Home Body Transformation Documenting Undocumented Lives in ‘The Body Papers’ – The New York Times

Documenting Undocumented Lives in ‘The Body Papers’ – The New York Times

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As a Filipino child growing up in a small Massachusetts town, Grace Talusan felt both scrutinized and unseen. Having arrived from the Philippines when she was 2, she rehearsed a Boston accent and prayed for a metamorphosis, pleading with God to turn her into a white girl with blonde hair and blue eyes. But her transformation one morning at the age of 8 turned out to be less Barbie and more Kafka: “My lips had disappeared into a mass of swollen flesh, my earlobes were triple their usual size and my cheeks were throbbing hot.”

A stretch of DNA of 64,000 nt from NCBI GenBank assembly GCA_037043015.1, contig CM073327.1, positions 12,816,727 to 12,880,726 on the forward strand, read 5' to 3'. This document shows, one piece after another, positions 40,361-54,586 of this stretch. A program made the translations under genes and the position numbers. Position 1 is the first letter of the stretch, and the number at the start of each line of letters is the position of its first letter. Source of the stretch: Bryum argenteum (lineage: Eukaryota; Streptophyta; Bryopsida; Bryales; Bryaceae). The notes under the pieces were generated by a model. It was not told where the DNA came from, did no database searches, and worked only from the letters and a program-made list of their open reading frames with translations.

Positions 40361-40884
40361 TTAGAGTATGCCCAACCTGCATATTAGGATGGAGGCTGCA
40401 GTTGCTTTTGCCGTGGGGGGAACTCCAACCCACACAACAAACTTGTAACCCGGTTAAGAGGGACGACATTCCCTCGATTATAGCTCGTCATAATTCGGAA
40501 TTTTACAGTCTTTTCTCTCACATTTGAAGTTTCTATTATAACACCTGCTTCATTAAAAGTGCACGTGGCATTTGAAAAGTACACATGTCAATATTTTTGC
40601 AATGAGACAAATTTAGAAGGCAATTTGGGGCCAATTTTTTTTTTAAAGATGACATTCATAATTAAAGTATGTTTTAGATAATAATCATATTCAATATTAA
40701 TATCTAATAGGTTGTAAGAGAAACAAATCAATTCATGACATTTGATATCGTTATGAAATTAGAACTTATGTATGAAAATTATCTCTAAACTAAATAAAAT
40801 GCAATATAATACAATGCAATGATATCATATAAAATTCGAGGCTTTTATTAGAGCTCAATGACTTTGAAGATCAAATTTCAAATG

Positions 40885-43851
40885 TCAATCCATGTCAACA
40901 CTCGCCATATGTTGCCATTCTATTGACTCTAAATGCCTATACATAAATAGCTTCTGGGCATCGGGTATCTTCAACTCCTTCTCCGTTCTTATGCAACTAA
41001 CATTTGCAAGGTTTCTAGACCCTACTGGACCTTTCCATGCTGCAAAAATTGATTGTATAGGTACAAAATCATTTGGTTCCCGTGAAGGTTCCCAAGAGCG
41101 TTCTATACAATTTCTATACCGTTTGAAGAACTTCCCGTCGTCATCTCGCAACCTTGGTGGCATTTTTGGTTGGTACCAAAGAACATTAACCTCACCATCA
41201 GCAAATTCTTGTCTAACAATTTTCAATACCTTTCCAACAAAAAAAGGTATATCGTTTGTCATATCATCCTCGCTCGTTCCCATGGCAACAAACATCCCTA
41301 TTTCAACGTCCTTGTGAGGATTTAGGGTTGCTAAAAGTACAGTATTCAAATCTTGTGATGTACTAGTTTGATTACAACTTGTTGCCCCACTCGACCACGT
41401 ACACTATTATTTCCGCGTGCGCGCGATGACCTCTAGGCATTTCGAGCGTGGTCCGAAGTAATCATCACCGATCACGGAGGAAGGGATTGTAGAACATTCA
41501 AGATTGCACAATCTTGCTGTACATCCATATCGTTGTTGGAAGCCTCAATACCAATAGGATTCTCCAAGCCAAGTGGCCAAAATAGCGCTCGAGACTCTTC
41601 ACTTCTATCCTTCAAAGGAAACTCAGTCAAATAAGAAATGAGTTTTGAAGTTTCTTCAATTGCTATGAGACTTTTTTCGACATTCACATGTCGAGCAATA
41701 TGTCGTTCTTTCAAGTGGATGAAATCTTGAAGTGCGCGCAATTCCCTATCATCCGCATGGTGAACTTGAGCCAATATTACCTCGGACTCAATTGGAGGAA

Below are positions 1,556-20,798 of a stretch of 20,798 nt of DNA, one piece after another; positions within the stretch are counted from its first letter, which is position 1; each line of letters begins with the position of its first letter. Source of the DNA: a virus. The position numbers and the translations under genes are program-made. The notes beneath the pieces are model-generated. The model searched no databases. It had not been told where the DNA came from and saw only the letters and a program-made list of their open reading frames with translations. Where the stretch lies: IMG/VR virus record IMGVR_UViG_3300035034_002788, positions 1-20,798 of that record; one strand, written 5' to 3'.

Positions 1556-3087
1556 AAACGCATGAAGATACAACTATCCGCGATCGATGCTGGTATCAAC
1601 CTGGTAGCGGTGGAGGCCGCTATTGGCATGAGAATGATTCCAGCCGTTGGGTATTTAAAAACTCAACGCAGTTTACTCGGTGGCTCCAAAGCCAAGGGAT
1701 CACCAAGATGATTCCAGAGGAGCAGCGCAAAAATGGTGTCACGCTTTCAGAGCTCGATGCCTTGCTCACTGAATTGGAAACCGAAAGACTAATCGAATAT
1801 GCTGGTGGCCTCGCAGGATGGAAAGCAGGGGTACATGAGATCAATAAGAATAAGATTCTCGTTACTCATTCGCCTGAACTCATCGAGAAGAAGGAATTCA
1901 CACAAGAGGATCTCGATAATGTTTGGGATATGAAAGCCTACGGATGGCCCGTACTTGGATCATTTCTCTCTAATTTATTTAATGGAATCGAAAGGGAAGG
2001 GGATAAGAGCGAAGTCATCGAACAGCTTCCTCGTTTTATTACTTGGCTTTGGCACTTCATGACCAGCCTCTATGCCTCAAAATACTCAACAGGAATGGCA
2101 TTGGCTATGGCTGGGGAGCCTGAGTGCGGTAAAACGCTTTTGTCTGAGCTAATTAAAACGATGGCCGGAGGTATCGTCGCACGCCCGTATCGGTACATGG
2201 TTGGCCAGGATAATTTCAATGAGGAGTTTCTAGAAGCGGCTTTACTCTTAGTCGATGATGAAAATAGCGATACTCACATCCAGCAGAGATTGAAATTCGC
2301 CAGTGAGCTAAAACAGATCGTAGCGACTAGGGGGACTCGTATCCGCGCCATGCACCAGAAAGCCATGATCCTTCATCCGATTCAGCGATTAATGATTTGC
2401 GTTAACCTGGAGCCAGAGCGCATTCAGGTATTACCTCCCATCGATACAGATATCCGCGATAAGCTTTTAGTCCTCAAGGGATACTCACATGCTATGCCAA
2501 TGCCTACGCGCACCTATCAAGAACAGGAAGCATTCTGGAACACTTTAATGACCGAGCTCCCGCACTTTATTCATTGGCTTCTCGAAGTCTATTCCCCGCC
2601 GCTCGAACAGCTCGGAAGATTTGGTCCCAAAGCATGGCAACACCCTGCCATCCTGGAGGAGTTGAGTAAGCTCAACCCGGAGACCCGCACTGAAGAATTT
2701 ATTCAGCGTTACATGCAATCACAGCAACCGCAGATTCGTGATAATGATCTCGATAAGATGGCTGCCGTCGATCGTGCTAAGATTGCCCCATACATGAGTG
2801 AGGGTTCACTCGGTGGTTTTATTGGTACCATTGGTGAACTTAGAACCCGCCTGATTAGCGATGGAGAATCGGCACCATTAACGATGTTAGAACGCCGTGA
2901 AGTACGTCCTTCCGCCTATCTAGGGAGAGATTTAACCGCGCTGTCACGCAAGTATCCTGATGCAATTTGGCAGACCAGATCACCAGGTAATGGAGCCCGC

In “The Body Papers,” Talusan’s precise, delicately constructed memoir-in-essays, her brief turn as a “puffy pink monster,” inflamed with hives, was a sign that something monstrous was being done to her. Her father’s father, Tatang (Tagalog for “father” — Talusan uses the Filipino vocabulary for kinship ties throughout), would arrive from the Philippines for an extended visit every spring and enter Grace’s room at night, pulling her floral nightgown over her shoulders. The sexual abuse started when she was 7 and ended when she was 13, after she waited for Tatang one evening and shoved him into the bedroom wall. Seeing the look of humiliation on his face, she knew that one form of torment was over: “My rage turned to joy.”